An epidural steroid injection (ESI) is a minimally invasive course of action that can help alleviate leg, back, arm, and neck pain caused by inflamed spinal nerves. ESIs may be carried out to relieve pain produced by spinal stenosis, or disc herniation. Medicines are dispensed to the spinal nerve through the epidural space, the region between the protective covering of the spinal cord and vertebrae. The effects of ESI tend to be brief. The objective is to reduce pain so that you may continue normal activities and a physical therapy program.

An epidural steroids injection comprises of both a long-lasting corticosteroid (e.g., triamcinolone, betamethasone) and an anesthetic numbing agent (e.g., lidocaine, bupivacaine). The two are delivered into the epidural space of the spine, which is the area between the protective covering (dura) of the spinal cord and the bony vertebrae. This area is filled with fat and small blood vessels.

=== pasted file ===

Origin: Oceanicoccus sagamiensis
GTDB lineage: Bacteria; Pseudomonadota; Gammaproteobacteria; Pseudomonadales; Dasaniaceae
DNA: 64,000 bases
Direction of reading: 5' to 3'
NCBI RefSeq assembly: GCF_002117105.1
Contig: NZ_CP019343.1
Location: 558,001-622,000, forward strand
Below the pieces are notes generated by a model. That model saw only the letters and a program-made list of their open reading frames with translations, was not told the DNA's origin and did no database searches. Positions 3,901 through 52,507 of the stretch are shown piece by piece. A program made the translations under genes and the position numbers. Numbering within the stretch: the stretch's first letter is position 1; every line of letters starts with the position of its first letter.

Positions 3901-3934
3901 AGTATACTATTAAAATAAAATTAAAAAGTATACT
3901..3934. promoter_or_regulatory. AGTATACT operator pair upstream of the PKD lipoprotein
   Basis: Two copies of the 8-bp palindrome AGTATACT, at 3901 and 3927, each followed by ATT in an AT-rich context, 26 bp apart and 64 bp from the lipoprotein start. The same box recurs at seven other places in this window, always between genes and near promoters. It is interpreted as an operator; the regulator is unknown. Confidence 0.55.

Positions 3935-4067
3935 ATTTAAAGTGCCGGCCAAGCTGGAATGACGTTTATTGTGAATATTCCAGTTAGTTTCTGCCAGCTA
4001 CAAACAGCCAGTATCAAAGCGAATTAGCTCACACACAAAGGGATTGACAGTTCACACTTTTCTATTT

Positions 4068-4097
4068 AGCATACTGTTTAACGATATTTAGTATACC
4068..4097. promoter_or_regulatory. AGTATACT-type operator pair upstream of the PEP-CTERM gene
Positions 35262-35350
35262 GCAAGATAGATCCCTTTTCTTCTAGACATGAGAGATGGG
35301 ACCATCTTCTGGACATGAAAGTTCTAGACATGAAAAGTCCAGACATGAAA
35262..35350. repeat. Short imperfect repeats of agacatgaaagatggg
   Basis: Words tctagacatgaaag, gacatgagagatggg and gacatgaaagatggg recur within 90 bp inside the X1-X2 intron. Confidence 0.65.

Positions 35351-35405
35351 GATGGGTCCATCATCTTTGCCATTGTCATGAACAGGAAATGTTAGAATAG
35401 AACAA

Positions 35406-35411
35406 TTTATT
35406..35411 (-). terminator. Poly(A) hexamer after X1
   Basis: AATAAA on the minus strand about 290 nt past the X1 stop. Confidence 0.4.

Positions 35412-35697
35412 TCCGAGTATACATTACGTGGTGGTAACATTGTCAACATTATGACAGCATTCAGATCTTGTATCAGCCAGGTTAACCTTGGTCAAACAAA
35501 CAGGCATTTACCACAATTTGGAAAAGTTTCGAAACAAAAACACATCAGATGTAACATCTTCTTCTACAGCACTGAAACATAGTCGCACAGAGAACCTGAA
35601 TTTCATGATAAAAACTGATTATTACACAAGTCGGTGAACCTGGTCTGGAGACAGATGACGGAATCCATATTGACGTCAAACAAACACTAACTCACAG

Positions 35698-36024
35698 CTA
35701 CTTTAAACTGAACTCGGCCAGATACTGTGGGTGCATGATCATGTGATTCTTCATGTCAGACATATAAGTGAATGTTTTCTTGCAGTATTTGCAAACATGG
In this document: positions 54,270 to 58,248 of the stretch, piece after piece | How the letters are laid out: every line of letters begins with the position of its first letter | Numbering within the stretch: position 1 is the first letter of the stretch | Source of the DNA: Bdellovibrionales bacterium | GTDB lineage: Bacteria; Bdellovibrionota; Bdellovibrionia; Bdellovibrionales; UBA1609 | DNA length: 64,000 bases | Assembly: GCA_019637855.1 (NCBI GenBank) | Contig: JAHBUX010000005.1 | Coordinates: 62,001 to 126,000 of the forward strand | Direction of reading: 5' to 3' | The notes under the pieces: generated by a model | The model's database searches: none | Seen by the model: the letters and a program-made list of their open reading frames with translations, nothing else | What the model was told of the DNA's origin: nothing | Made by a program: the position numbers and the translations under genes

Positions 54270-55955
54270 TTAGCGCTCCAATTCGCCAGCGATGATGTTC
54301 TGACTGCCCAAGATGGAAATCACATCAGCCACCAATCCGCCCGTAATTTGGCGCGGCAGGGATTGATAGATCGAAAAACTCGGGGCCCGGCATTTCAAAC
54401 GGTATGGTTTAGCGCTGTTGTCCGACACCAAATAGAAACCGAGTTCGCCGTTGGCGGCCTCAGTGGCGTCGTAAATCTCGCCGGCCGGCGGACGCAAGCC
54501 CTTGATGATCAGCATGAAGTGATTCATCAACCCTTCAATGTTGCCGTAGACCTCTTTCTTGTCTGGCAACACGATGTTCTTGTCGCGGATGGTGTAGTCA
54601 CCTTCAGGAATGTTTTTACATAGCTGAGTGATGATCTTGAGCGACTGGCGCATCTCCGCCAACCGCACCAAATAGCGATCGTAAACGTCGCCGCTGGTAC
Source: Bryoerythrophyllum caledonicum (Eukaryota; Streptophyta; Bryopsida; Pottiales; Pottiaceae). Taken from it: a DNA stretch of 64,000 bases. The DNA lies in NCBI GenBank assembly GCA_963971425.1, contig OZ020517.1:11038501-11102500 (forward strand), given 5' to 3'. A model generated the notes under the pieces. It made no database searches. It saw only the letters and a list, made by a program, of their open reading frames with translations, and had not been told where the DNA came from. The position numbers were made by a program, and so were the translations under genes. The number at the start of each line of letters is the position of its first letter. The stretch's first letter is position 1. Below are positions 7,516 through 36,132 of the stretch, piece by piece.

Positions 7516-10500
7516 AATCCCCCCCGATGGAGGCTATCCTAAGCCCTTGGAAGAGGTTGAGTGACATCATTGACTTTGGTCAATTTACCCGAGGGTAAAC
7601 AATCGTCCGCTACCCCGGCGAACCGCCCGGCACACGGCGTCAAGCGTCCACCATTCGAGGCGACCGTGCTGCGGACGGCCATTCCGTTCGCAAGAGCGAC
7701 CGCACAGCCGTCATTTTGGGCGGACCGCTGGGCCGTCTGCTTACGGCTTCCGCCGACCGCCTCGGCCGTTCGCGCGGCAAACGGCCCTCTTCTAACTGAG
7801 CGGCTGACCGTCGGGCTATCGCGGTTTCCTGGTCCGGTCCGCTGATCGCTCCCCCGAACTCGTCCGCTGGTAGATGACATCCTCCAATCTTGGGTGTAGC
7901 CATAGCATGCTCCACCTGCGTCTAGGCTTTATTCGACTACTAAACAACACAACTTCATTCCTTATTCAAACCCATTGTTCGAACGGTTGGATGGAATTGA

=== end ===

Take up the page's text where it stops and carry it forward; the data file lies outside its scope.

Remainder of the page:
What conditions can corticosteroid injections treat?

Corticosteroid injections can reduce inflammation and can be effective when delivered directly into the painful area. Regrettably, the injection does not make a herniated disc smaller; it only works on the spinal nerves. This liberation from pain can last from days to years, permitting you to improve your spinal condition with an exercise program and/or physical therapy. Patients with pain in the lower back, neck, leg, or arm may benefit from ESI. Especially those with the following conditions:

  • Sciatica: Pain that courses along the sciatic nerve in the buttocks and down the legs. It is usually caused by compression of the 5th lumbar or 1st sacral spinal nerve.
  • Spinal stenosis: A tightening of the spinal canal and nerve root canal can cause back and leg pain, especially when walking.
  • Degenerative disc: A breakdown or aging of the intervertebral disc causing collapse of the disc space, tears in the annulus, and growth of bone spurs.
  • Herniated disc: The gel-like material within the disc can bulge or rupture through a weak area in the surrounding wall (annulus). Irritation, pain, and swelling occur when this material squeezes out and comes in contact with a spinal nerve.
  • Spondylolysis: A weakness or fracture between the upper and lower facets of a vertebra. If the vertebra slips forward (spondylolisthesis), it can compress the nerve roots causing pain.